Banzai for the 10,000 yen bill
Posted by ampontan on Monday, December 1, 2008
IT WAS 50 YEARS AGO today, at 9:00 a.m., that the Bank of Japan issued the first 10,000-yen note, still the highest denomination of Japanese currency in circulation. The BOJ started shipping all those bills to its branches at the start of work that day.
It must have been a big deal to get your hands on one. The average starting salary for a new college graduate in those days was 12,000 yen a month.
The first bill bore the likeness of Shotoku Taishi, and the watermark was a view of the Horyu-ji Buddhist temple in Nara. They were 84 millimeters wide (3.3 inches) and 174 millimeters long (6.85 inches). Twenty-six years later, in 1984, the likeness of Fukuzawa Yukichi replaced that of Shotoku Taishi, and the size was reduced to 76 millimeters wide by 160 millimeters long.
Downsizing the money was a step I was all in favor of. That was my first year in Japan, and the older version of the bill didn’t fit completely in my American wallet. The top edges stuck out of the side, and the bills got wrinkled in my back pocket. It looked sloppy every time I pulled the wallet out.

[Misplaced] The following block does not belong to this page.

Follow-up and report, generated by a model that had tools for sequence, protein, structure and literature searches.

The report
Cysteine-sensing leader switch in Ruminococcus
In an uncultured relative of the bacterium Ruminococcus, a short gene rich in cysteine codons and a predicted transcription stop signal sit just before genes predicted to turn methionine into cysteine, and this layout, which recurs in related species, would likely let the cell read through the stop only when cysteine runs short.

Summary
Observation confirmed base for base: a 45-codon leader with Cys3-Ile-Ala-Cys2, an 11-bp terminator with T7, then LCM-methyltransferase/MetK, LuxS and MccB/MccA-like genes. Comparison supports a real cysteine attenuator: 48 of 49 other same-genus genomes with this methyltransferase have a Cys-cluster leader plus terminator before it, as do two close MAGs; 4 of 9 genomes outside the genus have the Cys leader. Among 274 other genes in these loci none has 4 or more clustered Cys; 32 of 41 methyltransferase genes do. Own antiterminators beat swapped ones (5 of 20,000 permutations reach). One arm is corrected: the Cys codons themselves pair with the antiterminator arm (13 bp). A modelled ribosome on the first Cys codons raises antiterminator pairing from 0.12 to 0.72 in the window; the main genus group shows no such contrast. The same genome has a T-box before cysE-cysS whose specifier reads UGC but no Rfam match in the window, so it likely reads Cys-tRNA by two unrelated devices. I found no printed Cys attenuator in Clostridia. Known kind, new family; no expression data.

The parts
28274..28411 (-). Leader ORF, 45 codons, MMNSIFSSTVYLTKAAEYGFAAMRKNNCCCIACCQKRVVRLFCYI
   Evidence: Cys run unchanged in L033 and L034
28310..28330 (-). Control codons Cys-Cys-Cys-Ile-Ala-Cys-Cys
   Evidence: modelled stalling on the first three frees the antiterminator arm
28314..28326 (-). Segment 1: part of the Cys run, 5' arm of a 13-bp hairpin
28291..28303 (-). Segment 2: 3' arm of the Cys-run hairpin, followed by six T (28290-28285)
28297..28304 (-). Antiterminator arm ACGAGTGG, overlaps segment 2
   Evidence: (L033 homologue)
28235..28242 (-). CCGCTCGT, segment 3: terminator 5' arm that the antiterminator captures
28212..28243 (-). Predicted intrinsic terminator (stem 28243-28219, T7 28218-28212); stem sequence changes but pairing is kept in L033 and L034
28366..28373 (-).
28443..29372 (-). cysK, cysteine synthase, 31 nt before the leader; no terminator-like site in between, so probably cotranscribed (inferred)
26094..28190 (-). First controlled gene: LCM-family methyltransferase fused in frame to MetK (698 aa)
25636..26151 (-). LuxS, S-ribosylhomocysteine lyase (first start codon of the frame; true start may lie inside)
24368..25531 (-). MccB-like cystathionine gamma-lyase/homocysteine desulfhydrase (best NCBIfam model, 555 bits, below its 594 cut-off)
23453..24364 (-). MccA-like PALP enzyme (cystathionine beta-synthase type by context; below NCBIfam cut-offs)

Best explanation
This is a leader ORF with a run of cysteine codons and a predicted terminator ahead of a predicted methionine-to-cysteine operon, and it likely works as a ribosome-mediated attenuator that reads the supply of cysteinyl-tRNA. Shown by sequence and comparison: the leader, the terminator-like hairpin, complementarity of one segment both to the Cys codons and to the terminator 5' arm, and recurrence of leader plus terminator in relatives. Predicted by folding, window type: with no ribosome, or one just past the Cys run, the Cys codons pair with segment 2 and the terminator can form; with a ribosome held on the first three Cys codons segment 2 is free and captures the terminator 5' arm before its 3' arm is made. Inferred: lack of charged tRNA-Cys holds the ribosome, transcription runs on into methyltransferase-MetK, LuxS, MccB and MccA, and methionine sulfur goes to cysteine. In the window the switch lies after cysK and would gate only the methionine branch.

The new, reduced size solved that problem. Now I only wish I had a few more of the bills to stick in there every month, wrinkled or not. Too thick is a better problem than too wide!
Afterwords: If I remember correctly, they also started phasing out the 500-yen bill and minting more 500-yen coins the same year.
And if you’re a foreigner who can remember the old 10,000-yen notes and the 500-yen bill, maybe that’s another one for the Too Long in Japan category.
This entry was posted on Monday, December 1, 2008 at 6:00 pm and is filed under Business, finance and the economy, Social trends. Tagged: Japan, Nara. You can follow any responses to this entry through the RSS 2.0 feed. You can leave a response, or trackback from your own site.